Carpet Considerations: Characteristics of Nylon Carpet Fiber

Characteristics of Nylon Carpet Fiber
Photography Courtesy of Milliken

When it comes to choosing carpet, one primary consideration is the type of fiber used in its construction. The characteristics of the carpet fiber can determine the carpet’s appearance and feel underfoot, as well as its ability to hold up over time. While many types of fiber can be used in carpet, one of the most common pile fibers is nylon. Distinguished by its durability and resilience, nylon asserts a well-regarded reputation in the contract carpet industry. Nylon is an adaptable fiber with a host of characteristics that allow it to act as an ideal choice for many applications. “Nylon is the most commonly used fiber in the commercial space today,” says Mark Oliver of Mohawk Group. “It is an incredibly durable fiber that can withstand severe traffic for long periods of time.” The information below explores key characteristics of nylon carpet fiber, including durability, resilience, stain resistance, and versatility, while also highlighting the two types of nylon that are used in commercial carpet today.

Durability and Resilience

Sought after for its strength, nylon is the hardest synthetic carpet fiber and it stands up well to abrasion and heavy wear and tear. Since it is able to resist high foot traffic with ease, carpets constructed with nylon fiber are able to stand strong for years to come. Embedded with the ability to bounce back easily after being bent, nylon’s resilience is supported by the strength of its yarns and their ability to hold a twist. Carpets constructed with nylon have less of a propensity to show indentations or markings. Nylon’s highly resilient fibers have tried-and-true texture retention, which allows it to maintain its original look for longer.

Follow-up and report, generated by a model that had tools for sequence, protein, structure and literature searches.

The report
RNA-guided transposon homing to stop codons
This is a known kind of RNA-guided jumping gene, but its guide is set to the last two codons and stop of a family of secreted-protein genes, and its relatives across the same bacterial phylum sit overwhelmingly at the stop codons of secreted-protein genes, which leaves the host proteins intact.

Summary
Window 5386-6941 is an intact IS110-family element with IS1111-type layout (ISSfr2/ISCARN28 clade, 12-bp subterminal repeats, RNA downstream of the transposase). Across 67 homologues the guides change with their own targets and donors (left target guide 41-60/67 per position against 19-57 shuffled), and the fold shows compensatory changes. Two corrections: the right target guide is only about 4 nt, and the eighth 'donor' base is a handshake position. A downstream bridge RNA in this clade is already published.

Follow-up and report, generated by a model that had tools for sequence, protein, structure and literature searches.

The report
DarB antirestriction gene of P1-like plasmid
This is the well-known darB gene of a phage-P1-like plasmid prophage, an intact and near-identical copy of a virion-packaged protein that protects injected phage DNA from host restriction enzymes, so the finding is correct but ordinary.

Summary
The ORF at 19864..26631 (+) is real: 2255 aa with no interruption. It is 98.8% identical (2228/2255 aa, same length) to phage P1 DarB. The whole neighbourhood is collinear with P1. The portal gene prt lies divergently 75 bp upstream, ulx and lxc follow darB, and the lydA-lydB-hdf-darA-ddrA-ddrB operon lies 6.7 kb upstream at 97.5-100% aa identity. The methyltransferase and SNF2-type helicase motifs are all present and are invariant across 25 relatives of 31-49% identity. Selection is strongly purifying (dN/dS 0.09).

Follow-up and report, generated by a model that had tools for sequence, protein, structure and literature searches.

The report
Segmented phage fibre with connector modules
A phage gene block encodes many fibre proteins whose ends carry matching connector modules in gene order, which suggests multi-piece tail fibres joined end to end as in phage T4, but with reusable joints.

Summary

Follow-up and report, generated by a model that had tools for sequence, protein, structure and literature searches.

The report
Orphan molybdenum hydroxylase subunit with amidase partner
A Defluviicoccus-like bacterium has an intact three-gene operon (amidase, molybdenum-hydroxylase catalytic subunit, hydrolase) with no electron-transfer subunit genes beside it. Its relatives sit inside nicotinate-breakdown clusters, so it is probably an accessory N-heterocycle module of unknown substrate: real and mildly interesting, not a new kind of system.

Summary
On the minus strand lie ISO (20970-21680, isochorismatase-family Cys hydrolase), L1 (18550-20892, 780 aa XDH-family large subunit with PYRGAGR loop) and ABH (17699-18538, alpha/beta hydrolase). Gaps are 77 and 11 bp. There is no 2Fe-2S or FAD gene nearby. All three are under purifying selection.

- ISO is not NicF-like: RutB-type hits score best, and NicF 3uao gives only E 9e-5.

Stain Resistance and Versatility

As an absorbent fiber, nylon possesses a penchant for spills to saturate its surface when left untreated. However, advances in stain-resistant technologies have allowed the fiber to be able to aptly avoid spills. “Nylon’s vulnerability is staining, and all flooring manufacturers address this through chemical topical treatments,” says Oliver. “These can provide temporary stain protection through changing the polarity of the fiber to match that of common stains. Thus, permanently preventing stains from attaching.”

Along with the advantages offered by its durability, resilience, and resistance to stains, nylon is a very versatile carpet fiber. “The flexibility with nylon allows us to utilize different lusters, textures, and yarn sizes, along with building sustainably recyclable styles that fit today’s specifications,” says Sherry Dreger of Milliken. Its unique characteristics collectively allow it to adhere to a variety of carpet styles and construction methods. Included among these are frieze, textured, shag, loop, and cut loop constructions, which work in tandem to make nylon suitable for almost any application.

Characteristics of Nylon Carpet Fiber
Photography Courtesy of Mohawk Group

Nylon 6 and Nylon 6,6

Type 6 and type 6,6 refer to the two types of nylon that can be used in carpeting. Their names are derived from the double strands of carbon atoms that they comprise, and the defining differences between nylon 6 and nylon 6,6 comes down to disparities in their molecular structures. Comparisons between the two are often contested in the design industry. “There is a longstanding debate on the differences of nylon 6 versus 6,6, but years of testing have shown there is no difference in the durability of the different fiber types,” says Oliver. “Nylon 6, however, can be easily recycled whereas nylon 6,6 cannot be and generally must be down-cycled.” Disparities between the two types can be contested but are of little consequence overall when considering carpet performance. When deciding between the two types, it should be noted that there are benefits to both. “It really comes down to how the design team needs to utilize color and texture in order to build the best performing and best looking product,” says Dreger. “We utilize both type 6 and 6,6 fibers to build superior performance and beautiful products.”

Nylon is an adaptable fiber with a host of characteristics that allow it to act as an ideal choice for many applications. “Fiber alone won’t make or break the performance of your commercial carpet, but it will play a large role in its success or failure,” says Oliver. When searching for a stead-fast and sturdy solution underfoot, an understanding of nylon carpet fiber’s key characteristics reveals the advantages of its use across actively used interiors.

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